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On 111th birthday Minneapolis resident credits longevity to ‘thinking happy’ – Minneapolis Star Tribune

Posted: May 25, 2021 at 1:54 am


The years just keep rolling by for supercentenarian Ruth Knelman, a self-described "perpetual volunteer" and positive thinker who on Friday celebrated her 111th birthday.

Knelman, a longtime Minneapolis resident, attributes her long life to avoiding stress, "thinking happy" and staying busy with friends.

"They say if you have one friend, you're lucky," she said. "Well, I have tons."

Knelman is among the oldest Minnesotans, though Erna Zahn, 113, of New Ulm, Minn., has her beat.

Knelman spent Friday with her grandson, Joey Knelman, who was visiting from California. She said she planned to have dinner with family and friends and watch services at Temple Israel, where she is a member, over Zoom, and then go out to eat on Saturday.

"Minneapolis has been her community for a long time," Joey Knelman said. "She's very connected."

Knelman's great-nephew John Gelmon, of Toronto, said Knelman's mother also lived a long life into her late 90s.

"She does have really great genes," Gelmon said of his great-aunt.

Gelmon remembered visiting for her 108th birthday, when she had stayed up all night to watch the royal wedding of Prince Harry and Meghan Markle. Instead of sleeping in, he said, she whipped up a brunch of fried matzoh.

Ruth, one of three children, was born in 1910 in Brooklyn, N.Y. Her father worked in the fur business, she said.

After marrying, she eventually moved to Minneapolis with her husband, Ed Knelman, a traveling salesman. She has one son, Kip Knelman of Edina "and he's very, very good to me," she said.

Things have changed a lot over the course of Ruth Knelman's life, she said. Children today are "more spoiled" and parents "want their children to be friends," she said.

Knelman also said she's astounded by the price of everyday items in 2021. "It's just unbelievable," she said, "because I remember when a stamp was 3 cents."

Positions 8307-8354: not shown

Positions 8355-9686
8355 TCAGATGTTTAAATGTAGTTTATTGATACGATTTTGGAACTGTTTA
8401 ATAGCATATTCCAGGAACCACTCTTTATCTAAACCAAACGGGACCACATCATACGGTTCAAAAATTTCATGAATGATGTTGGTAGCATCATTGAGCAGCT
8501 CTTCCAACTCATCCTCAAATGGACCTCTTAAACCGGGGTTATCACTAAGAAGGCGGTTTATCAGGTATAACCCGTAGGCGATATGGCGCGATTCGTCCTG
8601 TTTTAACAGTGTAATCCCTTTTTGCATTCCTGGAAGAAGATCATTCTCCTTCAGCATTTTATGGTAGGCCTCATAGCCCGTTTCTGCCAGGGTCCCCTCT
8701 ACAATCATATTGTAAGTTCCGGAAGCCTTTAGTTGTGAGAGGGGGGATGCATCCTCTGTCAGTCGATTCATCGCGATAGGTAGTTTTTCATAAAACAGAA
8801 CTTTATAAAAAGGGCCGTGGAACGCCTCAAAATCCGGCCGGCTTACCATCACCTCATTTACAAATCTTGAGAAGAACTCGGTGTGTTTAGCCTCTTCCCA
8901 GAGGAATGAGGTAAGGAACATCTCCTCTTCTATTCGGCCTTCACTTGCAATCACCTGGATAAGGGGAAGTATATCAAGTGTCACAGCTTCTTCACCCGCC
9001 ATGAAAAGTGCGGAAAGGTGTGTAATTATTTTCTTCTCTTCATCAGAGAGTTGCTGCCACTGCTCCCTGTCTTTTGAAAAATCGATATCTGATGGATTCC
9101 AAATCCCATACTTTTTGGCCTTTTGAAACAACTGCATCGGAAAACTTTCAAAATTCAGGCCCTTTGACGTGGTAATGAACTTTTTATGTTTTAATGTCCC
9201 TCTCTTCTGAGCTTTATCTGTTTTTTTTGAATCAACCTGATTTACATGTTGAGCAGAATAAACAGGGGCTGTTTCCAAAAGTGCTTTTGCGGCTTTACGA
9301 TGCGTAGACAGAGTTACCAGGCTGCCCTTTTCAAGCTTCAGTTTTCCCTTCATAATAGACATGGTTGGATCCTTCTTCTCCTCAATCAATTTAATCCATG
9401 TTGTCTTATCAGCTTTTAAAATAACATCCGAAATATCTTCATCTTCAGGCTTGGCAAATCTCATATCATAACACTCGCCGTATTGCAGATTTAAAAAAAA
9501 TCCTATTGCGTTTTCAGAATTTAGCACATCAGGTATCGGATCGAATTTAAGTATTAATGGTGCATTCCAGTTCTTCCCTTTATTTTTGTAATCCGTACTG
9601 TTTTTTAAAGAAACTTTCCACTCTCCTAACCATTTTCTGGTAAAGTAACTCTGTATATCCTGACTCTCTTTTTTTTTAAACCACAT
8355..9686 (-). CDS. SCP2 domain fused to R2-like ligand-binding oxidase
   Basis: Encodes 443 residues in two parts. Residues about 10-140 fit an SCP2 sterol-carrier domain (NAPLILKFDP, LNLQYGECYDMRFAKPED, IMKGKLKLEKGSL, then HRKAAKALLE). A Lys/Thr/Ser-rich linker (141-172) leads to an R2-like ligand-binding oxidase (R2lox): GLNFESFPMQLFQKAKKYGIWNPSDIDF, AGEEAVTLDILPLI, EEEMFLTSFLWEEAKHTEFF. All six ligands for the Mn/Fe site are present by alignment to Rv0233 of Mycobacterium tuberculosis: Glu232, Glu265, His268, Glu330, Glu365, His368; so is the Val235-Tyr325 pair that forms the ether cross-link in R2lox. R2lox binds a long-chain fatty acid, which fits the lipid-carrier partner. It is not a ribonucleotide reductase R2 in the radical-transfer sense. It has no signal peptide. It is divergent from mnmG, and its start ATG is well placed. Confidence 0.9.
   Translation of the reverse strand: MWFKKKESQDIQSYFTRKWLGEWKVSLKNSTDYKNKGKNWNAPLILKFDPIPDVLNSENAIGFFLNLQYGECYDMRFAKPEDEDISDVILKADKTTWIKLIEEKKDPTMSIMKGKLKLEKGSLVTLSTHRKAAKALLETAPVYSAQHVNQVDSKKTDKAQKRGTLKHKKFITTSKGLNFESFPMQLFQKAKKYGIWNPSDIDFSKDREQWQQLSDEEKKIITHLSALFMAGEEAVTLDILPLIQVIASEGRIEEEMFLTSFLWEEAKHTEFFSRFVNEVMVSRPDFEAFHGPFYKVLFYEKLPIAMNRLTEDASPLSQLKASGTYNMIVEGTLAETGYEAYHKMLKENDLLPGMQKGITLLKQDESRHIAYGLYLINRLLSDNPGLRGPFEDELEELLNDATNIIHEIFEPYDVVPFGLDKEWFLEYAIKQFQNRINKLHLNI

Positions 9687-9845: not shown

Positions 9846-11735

When Knelman was younger, she said, women didn't attend university, so she made a career of volunteering. She's volunteered at a long list of places, including the Temple Israel early childhood center and Jefferson Community School, though she stopped during the COVID-19 pandemic.

At the early childhood center, where she's known as "Grandma Ruth," she has read to children, helped with lunches and taught cooking classes for kids and adults over the years, said Senior Rabbi Marcia Zimmerman.

Knelman's service spans three decades, Zimmerman said, adding that Ruth once read to her own daughter, now in her 30s.

"[Ruth] gets to be friends with all the moms," Zimmerman said. "Her friends keep getting younger, so she feels like she's getting younger."

Knelman, Temple Israel's oldest member, is in the sanctuary for services every Friday night without fail, Zimmerman said. During the pandemic, she has faithfully tuned in over Zoom.

Zimmerman described Knelman as a busy woman with strong opinions who doesn't like talking about herself. "She just likes living," Zimmerman said.

Knelman likes to tell people she does everything wrong that she doesn't drink enough water or eat well, and enjoys alcohol now and then, Zimmerman said.

"She likes her cocktails, let's put it that way," Zimmerman said with a laugh.

Still, Zimmerman said Knelman defies every medical prediction.

"She says she wants to live forever," Zimmerman said, "and if anyone can, I'll put my money on Ruth Knelman."

Erin Adler 612-673-1781

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On 111th birthday Minneapolis resident credits longevity to 'thinking happy' - Minneapolis Star Tribune

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